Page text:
After the Labour election victory in 1945 Clement Attlee appointed Nye as Minister for Housing and Health. Labour had the majority it needed to push through its welfare state plans, despite constant attacks from the Conservatives. In 1946 the National Insurance Act was passed, putting in place the structure of a universal state health system (implementing William Beveridge’s Report) and pensions and unemployment, sickness, maternity and widows’ benefits, all funded by compulsory contributions from employer and employee.
We associate Nye Bevan chiefly with the setting up of the NHS. However he was also responsible for implementing a national housing programme following the destruction caused by the war. The regeneration of housing was made difficult by the continued existence of slums, and a shortage of skilled labour and materials. Nevertheless the building programme achieved 850,000 houses in the four years after the end of the war, an astonishing achievement compared to the rate of housebuilding we see today. He argued for high quality housing and understood, from his own background in South Wales, the link between housing and health.
Nye’s greatest achievement though was his creation, despite opposition from Tories and the medical profession, of the NHS, which came into being on July 5 1948. For the first time people in Britain were provided with a service, free at the point of need, with free diagnosis and treatment of illness, at home or in hospital, as well as dental and ophthalmic services. As Minister of Health, Nye was in charge of 2,688 hospitals in England and Wales.
It was the decision to nationalise the hospitals that made the profound difference in the structural change brought about by the creation of the NHS. This decision was Nye Bevan’s and its implementation was down to his skill, patience, and application as a minister. It is the most significant and lasting reform in the history of the Labour party and it was achieved by one man. The existence of the NHS is testament to Nye’s ability and vision as a minister.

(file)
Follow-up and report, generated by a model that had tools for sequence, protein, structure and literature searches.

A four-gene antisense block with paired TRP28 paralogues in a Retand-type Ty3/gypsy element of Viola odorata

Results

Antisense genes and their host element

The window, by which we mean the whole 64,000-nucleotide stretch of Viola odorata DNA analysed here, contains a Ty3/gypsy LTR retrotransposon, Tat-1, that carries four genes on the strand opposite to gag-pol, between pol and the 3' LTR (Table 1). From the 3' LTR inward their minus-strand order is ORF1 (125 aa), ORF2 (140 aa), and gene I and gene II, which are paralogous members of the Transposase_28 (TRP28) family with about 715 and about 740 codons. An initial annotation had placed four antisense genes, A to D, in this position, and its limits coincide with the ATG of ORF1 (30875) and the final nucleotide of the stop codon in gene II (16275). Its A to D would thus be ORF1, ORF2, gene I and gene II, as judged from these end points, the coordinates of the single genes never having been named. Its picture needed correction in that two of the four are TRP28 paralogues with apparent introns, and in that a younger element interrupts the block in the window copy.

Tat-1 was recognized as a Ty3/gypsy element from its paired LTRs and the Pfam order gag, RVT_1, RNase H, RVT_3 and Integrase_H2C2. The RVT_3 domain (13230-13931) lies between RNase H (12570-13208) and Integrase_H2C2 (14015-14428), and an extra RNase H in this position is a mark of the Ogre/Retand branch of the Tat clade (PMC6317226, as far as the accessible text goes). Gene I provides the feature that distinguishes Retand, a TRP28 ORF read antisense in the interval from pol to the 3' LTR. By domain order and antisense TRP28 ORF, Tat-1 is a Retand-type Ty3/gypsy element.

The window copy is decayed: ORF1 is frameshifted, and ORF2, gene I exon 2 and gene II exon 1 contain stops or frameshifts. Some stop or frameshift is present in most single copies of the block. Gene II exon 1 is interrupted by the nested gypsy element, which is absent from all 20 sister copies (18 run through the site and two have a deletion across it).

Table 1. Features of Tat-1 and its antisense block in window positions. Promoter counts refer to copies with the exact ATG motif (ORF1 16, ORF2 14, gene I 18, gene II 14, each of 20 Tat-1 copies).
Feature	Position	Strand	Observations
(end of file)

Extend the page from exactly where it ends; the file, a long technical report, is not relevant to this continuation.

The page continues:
He famously said, “Illness is neither an indulgence for which people have to pay, nor an offence for which they should be penalised, but a misfortune the cost of which should be shared by the community’.
Nye was downgraded, despite his successes, to Minister for Labour in 1951. He soon resigned from the cabinet in protest at Chancellor of the Exchequer, Hugh Gaitskell’s introduction of prescription charges for dental care and glasses in order to meet the financial demands imposed on the budget by the Korean War. On returning to the backbenches he led the left wing group of the Labour Party, the so called Bevanites.
The Tories won the General Election in October 1951 and remained in power until 1964 so Nye never again had the chance to serve in a Cabinet implementing policy.
He stood to be Leader of the Labour Party in 1955 but was defeated by Hugh Gaitskell. This put the Bevanite wing of Labour firmly in its place. Despite this, in 1956 he was appointed as Shadow Colonial Secretary then Shadow Foreign Secretary by Gaitskell. He was elected Deputy leader of the Labour Party in 1959 and continued to speak about his views and gave a barnstorming speech at the Party conference in 1959. This proved to be his last public speech as he became ill with stomach cancer. He died in July 1960.
There was genuine mourning for Nye and an acknowledgment of his achievements. Even the Daily Mail was generous in its tribute:
‘‘The overwhelming impression is of a man of size, a man whose intellect was capacious, lively, and illuminating, a man whose emotions were strong and human, a man who believed greatly in his country and believed also, which is rare these days, in the power of ideas, a man who strove to retain the predominance of politics over economics or mass-psychology. For this, in the end, is what we owe to politicians like him. A democracy cannot survive healthily without the example of individual leaders who dare all as individuals and leave, long after their failures are forgotten, the imprint of a great human being.’
Now, 71 years after its creation, the National Health Service’s founding principles remain intact. It continues to be funded from general taxation and is free at the point of use. However, its principles are under attack. Nye Bevan said ‘The NHS will last as long as there are folk left with faith to fight for it’.
The fight is underway.
Nye Bevan website